She flopped heavily into the guest chair and covered her face, “I never really intended any of this.”
     Bernie set his Coach briefcase on the desk, knowing the time had come.  “I called him.  He wants both of us at La Trattoria on Market at two o’clock today.  I told him we would be there, what I didn’t tell him is there is no fucking way we can make him whole, not now, not in the next hundred years.  It’s over.”
     The zipper released one tooth at a time taking what their minds perceived to be an hour to reveal the detonator at the far left.  It took far less time than that for Amelia to understand the intent and consequence of her husband’s slow-motion actions.  “It’s over.”  Her mind lurched and sputtered at a kaleidoscopic collage of all the decisions that led them to this point; she watched every sure-win bet deteriorate into an unpayable loss, she heard herself retell every lie, relived every argument, cried every tear and felt that one, single, angry punch a thousand times over.  She knew that Bernie was right, what was done could never be fixed in a hundred years; this inconceivable solution of his, those wires inside that briefcase, this was the only way out for her, but why he was here, too?
     The initial flash of the expanding gases froze as it reached the point of rending the leather of the makeshift bomb casing.  Time as we know it stopped and Bernie and Amelia’s worldly existence ended.
     The blast shook most of the downtown and fire slowly consumed the remainder of the office complex, but neither of the ill-fated insurance agents, would hear the sound or feel the heat.  They would never know the stunned anger of the smarmy loan shark or the savage payments incurred by Amelia’s parents or Bernie’s brother.  The bodies of these once impassioned lovers, mated business partners and marital spouses were shredded in the millisecond after their mortal continuum of time stopped.  Their bodies, their lives, the structure of their beings were gone, all that remained were two lost souls trapped in an infinite moment.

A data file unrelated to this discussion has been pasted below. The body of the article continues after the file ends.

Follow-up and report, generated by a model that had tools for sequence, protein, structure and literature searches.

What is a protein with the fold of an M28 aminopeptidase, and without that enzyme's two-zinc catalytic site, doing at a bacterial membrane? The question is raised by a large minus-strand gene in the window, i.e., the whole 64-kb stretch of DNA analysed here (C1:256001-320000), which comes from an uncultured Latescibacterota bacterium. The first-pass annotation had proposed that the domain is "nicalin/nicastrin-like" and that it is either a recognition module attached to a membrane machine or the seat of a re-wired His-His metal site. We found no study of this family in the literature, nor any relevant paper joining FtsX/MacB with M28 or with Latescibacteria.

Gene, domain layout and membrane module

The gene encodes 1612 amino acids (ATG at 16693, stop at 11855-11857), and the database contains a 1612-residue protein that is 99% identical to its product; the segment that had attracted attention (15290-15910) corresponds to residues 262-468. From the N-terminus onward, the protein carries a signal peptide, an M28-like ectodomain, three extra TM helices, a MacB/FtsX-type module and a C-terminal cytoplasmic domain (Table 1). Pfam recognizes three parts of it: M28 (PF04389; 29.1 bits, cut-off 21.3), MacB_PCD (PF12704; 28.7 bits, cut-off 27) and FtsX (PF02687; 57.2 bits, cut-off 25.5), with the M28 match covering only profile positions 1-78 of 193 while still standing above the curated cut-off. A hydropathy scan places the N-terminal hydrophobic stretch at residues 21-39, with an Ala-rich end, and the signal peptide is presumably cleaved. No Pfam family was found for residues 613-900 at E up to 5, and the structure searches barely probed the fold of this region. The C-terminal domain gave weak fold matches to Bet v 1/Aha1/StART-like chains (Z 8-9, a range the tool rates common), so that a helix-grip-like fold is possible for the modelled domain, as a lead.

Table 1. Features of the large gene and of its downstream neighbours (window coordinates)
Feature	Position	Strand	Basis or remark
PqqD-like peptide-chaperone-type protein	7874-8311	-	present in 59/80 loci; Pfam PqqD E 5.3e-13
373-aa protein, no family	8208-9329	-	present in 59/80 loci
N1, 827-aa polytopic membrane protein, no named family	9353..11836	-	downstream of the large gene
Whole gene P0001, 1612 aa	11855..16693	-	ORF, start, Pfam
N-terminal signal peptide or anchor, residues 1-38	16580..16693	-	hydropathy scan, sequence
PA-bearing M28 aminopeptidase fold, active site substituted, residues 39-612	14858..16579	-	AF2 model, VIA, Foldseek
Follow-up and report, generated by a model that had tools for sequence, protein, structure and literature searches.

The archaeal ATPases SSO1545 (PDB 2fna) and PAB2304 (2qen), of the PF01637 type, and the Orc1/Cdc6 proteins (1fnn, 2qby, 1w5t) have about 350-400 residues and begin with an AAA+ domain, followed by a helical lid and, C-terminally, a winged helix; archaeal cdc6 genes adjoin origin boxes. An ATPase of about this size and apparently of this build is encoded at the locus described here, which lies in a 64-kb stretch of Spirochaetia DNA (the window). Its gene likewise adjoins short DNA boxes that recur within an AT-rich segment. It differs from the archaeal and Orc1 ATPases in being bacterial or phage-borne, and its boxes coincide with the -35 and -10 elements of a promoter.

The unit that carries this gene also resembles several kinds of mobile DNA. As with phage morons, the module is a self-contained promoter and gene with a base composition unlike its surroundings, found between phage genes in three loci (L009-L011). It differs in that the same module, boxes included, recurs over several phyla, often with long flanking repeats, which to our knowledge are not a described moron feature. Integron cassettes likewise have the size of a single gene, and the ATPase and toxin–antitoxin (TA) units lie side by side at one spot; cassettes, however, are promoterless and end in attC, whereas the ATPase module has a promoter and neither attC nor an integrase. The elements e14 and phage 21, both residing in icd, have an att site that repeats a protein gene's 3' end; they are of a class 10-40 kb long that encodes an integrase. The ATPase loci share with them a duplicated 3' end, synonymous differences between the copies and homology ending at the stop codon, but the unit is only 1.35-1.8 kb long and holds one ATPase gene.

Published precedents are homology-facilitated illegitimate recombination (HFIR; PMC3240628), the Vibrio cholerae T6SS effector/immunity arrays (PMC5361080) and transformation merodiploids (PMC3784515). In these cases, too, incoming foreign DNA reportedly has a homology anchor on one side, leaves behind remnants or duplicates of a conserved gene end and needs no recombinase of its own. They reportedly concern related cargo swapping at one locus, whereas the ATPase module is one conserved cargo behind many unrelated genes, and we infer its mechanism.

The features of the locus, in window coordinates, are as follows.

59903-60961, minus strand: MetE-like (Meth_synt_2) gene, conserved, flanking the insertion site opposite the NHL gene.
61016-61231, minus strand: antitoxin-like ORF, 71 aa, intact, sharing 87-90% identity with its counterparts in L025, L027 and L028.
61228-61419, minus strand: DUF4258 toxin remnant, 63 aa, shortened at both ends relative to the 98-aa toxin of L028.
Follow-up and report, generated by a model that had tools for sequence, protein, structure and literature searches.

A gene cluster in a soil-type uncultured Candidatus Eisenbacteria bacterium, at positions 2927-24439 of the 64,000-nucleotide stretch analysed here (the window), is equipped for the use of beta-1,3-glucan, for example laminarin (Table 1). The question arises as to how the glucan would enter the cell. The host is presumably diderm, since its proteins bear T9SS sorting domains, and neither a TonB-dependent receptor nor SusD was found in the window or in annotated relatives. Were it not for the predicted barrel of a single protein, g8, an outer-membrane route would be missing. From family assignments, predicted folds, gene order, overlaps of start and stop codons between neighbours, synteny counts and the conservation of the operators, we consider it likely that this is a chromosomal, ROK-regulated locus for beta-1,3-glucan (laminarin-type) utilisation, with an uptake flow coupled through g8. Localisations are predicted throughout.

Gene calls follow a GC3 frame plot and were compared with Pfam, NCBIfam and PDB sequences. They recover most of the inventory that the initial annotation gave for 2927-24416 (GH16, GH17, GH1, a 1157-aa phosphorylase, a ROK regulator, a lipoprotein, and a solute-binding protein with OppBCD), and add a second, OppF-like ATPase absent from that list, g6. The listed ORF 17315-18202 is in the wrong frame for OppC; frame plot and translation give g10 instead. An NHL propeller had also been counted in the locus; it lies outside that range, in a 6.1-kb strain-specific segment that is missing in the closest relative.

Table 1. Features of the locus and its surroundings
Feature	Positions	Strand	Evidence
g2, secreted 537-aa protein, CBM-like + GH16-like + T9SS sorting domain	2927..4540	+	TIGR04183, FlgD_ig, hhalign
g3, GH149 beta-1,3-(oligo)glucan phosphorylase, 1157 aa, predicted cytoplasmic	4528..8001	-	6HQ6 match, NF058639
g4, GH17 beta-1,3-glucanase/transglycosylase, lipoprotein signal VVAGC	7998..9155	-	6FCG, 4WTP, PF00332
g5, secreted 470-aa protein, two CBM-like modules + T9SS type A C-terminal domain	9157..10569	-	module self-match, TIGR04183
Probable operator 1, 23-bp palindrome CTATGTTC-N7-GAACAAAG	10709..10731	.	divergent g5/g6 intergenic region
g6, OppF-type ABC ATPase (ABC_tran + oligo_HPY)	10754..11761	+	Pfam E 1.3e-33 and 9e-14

This is the purgatory of these souls: imprisoned in the lies, deceit, mistrust and betrayal of a destructed marriage.  Their salvation or condemnation is now subject to the wife being able to justify the unjustifiable actions of her vices and earn her husband’s forgiveness for the unforgivable.  Freedom, in whatever form awaits, is contingent on the husband successfully explaining his inexplicable inattention and once again trust his untrustworthy wife.

     The lost husband and the lost wife must find an impossible key to their impregnable jail.  They must suffer all of their sins repeatedly and eternally within that immeasurable instant.  Locked inside the gates of their own construction and lacking the knowledge of what might lie beyond, there is no choice but to try to escape and then try again.

     Does time march on?  Yes, but only for those privileged enough to still have a chance at fixing spent mistakes.  Some will try and succeed, some will fail, and some will consider this whole concept a worthless faith, a myth for the ignorant.  But then for some, time has already ended and nothing will ever be changed; they are the truest believers.